Ecuador's indigenous justice system on trial
A few thousand people are gathered in La Cocha, an indigenous community in the Ecuadorean Andes, as a naked man is forced to carry a heavy bag of rocks around the town square.
The 22-year-old man, called Orlando Quishpe, is then tied to a post and drenched with cold water as people call him "murderer" and "traitor" in the local Quechua language.
The ceremony continues with women whipping him with stinging nettles and local leaders flogging his back with a leather strap.
This was the punishment that local indigenous authorities gave to Quishpe and four others for allegedly killing another local man, Marco Olivo.
The five young men were also ordered to pay $6,750 (£4,416) in reparations to the community.
The punishment took place on 23 May, but more than two months later it is still making headlines in Ecuador and raising questions. Is indigenous justice an abuse of human rights? Or is it a legitimate practice allowed by law?
A quarter of Ecuador's population is indigenous, divided among 16 nationalities across the Pacific coast, the Andes and the Amazon region.
Many communities have been managing their own justice for centuries.
The principle is to show people that they have done wrong and give them a chance to purify and live again in harmony with their community and with Mother Nature, or Pacha Mama.
Ecuador's constitution, approved in 2008, together with various international agreements signed by the country, recognises the rights of indigenous people, including their right to practise their own form of justice.
But following a media backlash that portrayed the events in La Cocha as barbaric and violent, the Ecuadorean government started questioning the legality of indigenous justice.
A government programme on public television showed violent images of indigenous protests and lynchings and asked: "Killings, kidnappings, lynchings, tortures… is this indigenous justice?"
Ecuador's President Rafael Correa himself called the events of La Cocha a "monstrosity".
"This degrading spectacle that we saw through the media is an injustice," said Mr Correa. "For God's sake, this is torture, this is barbarity."
According to relatives of Quishpe, he was coerced into a confession.
"They were kept in a cesspit, naked, with the water up to their chest and their eyes covered," says Oswaldo Quishpe, an uncle.
"Orlando came out looking like a prisoner of war."
He also says that his nephew's life was threatened, as La Cocha's leaders were supposedly considering passing a death sentence, which is unconstitutional.
Ricardo Chaluisa, president of La Cocha's community, denies these accusations.
He says that the death sentence was just a rumour and that the five men were kept in private homes, fed regularly and looked after properly.
After the incident came to light, Justice Minister Jose Serrano personally took part in an operation to transfer the five men to Quito, where they could be put on trial.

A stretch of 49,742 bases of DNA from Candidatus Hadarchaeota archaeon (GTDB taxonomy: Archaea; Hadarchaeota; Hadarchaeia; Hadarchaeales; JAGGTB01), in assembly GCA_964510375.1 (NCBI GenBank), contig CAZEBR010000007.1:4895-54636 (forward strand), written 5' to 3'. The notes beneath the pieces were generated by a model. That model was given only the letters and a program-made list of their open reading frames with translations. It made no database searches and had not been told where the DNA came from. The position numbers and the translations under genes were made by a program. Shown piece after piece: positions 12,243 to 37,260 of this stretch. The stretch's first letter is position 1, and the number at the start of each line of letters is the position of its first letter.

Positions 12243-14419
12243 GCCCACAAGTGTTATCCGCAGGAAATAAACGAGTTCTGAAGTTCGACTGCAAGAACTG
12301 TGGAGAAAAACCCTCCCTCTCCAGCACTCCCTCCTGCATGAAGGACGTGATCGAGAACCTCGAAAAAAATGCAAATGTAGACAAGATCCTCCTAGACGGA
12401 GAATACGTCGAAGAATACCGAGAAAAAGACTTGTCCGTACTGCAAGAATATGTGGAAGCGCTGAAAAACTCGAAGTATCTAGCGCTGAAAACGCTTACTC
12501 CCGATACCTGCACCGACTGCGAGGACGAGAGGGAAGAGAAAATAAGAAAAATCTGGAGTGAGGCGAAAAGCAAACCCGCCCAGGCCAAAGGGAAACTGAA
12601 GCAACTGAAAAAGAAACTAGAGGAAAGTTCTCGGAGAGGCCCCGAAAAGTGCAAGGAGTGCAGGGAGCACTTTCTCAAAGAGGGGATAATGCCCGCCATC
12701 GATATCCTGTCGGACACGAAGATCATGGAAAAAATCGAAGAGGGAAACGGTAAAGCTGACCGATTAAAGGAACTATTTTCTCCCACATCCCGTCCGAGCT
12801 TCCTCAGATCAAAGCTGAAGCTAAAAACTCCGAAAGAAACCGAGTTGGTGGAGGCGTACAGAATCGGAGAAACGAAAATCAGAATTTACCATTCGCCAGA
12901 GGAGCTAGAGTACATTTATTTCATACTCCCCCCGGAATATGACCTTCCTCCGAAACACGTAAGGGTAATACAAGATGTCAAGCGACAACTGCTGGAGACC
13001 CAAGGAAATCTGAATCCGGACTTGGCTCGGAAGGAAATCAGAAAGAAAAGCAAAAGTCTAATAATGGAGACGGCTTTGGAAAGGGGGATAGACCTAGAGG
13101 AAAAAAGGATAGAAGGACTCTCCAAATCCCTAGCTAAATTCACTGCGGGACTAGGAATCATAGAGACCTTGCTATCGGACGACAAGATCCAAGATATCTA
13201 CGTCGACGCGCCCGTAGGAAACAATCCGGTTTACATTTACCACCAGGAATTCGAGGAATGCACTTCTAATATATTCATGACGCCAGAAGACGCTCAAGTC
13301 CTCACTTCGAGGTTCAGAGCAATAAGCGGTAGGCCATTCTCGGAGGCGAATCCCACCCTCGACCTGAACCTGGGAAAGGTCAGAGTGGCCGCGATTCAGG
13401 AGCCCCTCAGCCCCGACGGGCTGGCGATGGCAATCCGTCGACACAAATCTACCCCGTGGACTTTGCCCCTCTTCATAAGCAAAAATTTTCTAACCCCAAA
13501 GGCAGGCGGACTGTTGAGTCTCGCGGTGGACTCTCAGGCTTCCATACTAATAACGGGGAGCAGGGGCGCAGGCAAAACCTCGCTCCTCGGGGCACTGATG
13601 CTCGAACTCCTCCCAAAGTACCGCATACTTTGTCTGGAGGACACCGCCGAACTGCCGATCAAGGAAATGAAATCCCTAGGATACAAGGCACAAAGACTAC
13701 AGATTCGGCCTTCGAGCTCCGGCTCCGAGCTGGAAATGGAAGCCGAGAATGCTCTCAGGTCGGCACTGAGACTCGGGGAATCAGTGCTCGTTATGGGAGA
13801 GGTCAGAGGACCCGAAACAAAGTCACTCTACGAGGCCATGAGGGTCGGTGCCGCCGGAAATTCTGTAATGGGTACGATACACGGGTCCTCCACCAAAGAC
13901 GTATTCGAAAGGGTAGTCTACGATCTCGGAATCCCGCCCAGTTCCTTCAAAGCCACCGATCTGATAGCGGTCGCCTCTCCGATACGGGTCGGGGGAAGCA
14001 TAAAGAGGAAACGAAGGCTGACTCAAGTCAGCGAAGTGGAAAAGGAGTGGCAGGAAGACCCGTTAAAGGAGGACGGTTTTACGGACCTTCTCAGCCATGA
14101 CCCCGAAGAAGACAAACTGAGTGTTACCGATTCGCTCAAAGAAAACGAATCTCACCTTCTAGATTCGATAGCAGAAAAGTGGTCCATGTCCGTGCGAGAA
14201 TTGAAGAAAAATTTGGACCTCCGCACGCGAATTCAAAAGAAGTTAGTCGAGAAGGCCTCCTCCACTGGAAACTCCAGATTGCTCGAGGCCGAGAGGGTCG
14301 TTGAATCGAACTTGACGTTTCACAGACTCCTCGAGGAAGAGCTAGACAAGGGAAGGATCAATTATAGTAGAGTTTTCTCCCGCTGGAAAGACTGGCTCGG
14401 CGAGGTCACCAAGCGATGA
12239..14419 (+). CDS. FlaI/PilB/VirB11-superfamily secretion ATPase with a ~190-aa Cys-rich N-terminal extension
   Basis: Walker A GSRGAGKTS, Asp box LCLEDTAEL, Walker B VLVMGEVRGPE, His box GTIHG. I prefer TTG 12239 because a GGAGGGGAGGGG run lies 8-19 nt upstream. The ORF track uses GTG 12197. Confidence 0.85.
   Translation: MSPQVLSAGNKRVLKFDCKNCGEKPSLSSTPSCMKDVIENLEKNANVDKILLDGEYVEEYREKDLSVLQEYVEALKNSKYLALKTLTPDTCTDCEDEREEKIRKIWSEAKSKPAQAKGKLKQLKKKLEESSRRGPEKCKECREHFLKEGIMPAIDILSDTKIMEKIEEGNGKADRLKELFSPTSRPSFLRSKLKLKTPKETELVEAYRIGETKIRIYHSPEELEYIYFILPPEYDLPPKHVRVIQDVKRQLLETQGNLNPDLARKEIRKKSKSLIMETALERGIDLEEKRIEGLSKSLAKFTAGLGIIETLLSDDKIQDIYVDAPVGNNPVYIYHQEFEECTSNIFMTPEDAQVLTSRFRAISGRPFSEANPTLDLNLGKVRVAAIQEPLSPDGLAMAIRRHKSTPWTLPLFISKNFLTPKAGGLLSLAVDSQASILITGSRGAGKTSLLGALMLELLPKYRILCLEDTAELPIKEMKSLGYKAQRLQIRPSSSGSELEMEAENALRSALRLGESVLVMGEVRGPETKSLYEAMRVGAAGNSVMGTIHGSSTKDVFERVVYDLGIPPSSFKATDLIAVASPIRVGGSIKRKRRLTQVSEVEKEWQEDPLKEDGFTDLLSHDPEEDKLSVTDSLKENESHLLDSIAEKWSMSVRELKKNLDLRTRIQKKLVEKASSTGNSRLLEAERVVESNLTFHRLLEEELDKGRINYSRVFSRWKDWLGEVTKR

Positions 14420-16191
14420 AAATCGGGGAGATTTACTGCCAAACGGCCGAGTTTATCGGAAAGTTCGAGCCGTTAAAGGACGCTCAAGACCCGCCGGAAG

The men had medical tests to establish whether they had been tortured, but the results have not been made public.
At the same time, three indigenous leaders from La Cocha, including Mr Chaluisa, were arrested for kidnapping, torture, mistreatment and extortion.
When a judge released them because he said the evidence against them was inconclusive, he was suspended for misconduct. That case is now being reviewed by Ecuador's Constitutional Court.
James Anaya, a UN special rapporteur on the human rights and fundamental freedoms of indigenous people, has voiced concern at the government's actions.
"It is counter-productive for the construction of an intercultural and multinational state," said Mr Anaya, "to describe as wild and as human rights violations all expressions of indigenous justice, based on partial and incomplete information from the media."
Indigenous groups initially supported Mr Correa in 2006, when he was first elected. But many have since come to oppose his policies, organising protests against new laws to regulate mining and water resources.
The underlying problem is a supremacist view of power that leads to racism, says Fernando Garcia, an anthropologist and leading expert in indigenous justice.
"In Ecuador, inter-ethnic relations are still problematic," says Mr Garcia.
"Justice is one of the foundations of power and us 'mestizos' (mixed racial ancestry between white and indigenous) have always had the power and we're not used to letting go and accepting other visions."
For example, the punishment with cold water and stinging nettles is not torture, according to indigenous tradition.
Several Quechua communities use the same treatment for ritual purifying ceremonies.
At the same time, according to the indigenous philosophy, a prison sentence is considered a human rights abuse because it takes away the freedom of a person.
Mr Chaluisa says that prison terms make social reintegration harder compared to indigenous punishments.
For example, his community handled another murder case in 2002, and the person convicted was punished in a similar way to Quishpe and is now an active member of the community.
The government argues that the constitution gives indigenous authorities only the right to solve "internal conflicts", not serious crimes such as murders.
But within the indigenous value system, murder is an internal conflict because it disrupts the natural harmony of the community.
Legislators and the justice ministry are currently working on a draft law to establish which cases can only be handled by the regular justice system, so avoiding cases such as La Cocha.
And there is hope that such a law could help in situations like this one.
For Ecuador's indigenous leaders there is no doubt that, with or without a new law, they will not stop applying their own justice.
"We are like the grass in the highlands," says Mr Chaluisa, quoting the renowned indigenous leader Dolores Cacuango.
"Even if they pull us out or burn us, our roots will sprout again more strongly."